Making Choices, Pt. 1

beth oliverI met Beth Oliver when she attended one of my Wimberley retreats. She immediately revealed herself as a delight and inspiration. Recently she published an open letter to her niece and nephews in a new book entitled Leaders & Legends. Graciously, Beth agreed to share her wisdom about life choices with us here. I hope you’ll consider passing it along to the young people in your life. I know my nephews will be receiving the link.

Dear Benjamin, Abby, and Sammy,

What grand, exciting lives you have ahead of you. I adored your grandfather, my big brother, who died of a brain tumor before you were born. I wish he were still alive to guide you and share his knowledge with you. Since he’s not, I thought I would share with you a some of the wisdom I have gleaned.

Your lives will be full of choices. Hard choices and easy choices. Most people focus on what to do in a particular situation. What is more important is who you are being when you make the choice. Make each decision based on being the person you want to become. That is often more important than the actual choice itself.

1.Relish the moments. Today is all we have. Don’t mentally put your life on hold, thinking: when I grow up, when I get out of college, when I get a job, when I make a lot of money–then I will be happy. Decide to be happy right now, right where you are. Focus on having experiences–not things.

2.Be intellectually curious. Keep learning. Read books. Visit museums. Watch foreign films. Ask questions. Take classes. We live in a marvelous world with fascinating cultures and peoples and ideas. Put aside judgment and be open to possibilities.

3.Concentrate on the things you love.
Too often we spend our time worrying over the oughts and shoulds. I should get more exercise. I ought to go on a diet. Give yourself permission to do what you love.

4.Listen to your intuition. Trust your inner voice. If your gut is telling you something is not right, then believe it. Act on it. Don’t let anyone talk you out of it.

5.Be enthusiastic. Be joyful. Be grateful. Throw yourself body and soul into every endeavor. No matter how simple or how difficult the task, do it with gusto. My first job was being a clerk in your great-grandfather’s store. I wanted to be the very best clerk he had ever had.

6.Dream big dreams. Be bold. Take risks. Set audacious goals. Give yourself permission to try things and fail. Try out for the school play. Run for office. Give a speech.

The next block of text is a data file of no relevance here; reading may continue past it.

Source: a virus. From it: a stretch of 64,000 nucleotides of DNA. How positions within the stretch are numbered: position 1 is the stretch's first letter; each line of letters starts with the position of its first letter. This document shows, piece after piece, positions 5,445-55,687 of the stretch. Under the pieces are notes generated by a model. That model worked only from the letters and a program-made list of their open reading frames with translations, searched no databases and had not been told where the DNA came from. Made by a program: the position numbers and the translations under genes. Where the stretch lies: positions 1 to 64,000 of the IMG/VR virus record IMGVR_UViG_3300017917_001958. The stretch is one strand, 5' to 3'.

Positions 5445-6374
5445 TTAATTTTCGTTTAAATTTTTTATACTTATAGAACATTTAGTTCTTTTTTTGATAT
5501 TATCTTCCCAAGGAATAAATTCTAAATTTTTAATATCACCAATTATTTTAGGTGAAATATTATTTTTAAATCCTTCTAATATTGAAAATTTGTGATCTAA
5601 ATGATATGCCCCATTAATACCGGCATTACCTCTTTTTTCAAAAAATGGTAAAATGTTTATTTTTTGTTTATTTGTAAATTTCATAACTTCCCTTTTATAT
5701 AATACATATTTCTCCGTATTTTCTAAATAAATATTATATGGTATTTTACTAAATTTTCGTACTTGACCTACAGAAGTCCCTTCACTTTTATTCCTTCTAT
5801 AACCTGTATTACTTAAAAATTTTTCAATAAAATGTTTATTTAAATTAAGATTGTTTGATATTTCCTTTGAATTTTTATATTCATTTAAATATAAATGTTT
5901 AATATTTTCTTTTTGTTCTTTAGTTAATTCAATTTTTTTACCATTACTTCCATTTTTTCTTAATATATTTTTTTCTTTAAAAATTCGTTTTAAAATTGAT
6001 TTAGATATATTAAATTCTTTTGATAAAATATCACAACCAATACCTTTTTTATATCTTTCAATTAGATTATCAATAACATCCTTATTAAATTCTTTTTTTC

7.Forgive yourself each day. Actress Kitty Carlisle said once that each night she looked in the mirror and forgave herself for all the mistakes she had made that day. Forgive yourself for not being perfect, because you never will be. Also, forgive your parents, your teachers, your boss…. They aren’t perfect either. Just forgive them and let it go.

8.Look for the lesson when bad things happen. When you are betrayed or wronged, when you are fired, when your heart is broken, search for the gift in the bleakness. Somewhere in the despair is an opportunity for creativity, for growth, for learning, and for a new beginning.

9.Don’t give away your power. If what someone says about you can ruin your day, then you are giving her/him your power. If a situation can make you miserable, then you are giving it your power. Stay centered and calm in adversity. Only you can control your actions, reactions, and your serenity.

10.Make freedom a core value. Recognize that you always have choices. If something isn’t working in your life, choose again. Choose a new major. Choose another career. Choose a different life. Choose to be debt-free. Choose to double your income. Choose financial freedom. The choice is yours. It is your gift to yourself.

There are many other lessons, but you will learn them as you go. In The Power of Myth, Joseph Campbell wrote: “the adventure that the hero is ready for is the one he [sic] gets.” You are the hero in your own life, so get ready.

With all my love,
Aunt Beth

(Next time: how nice girls can make better choices.)

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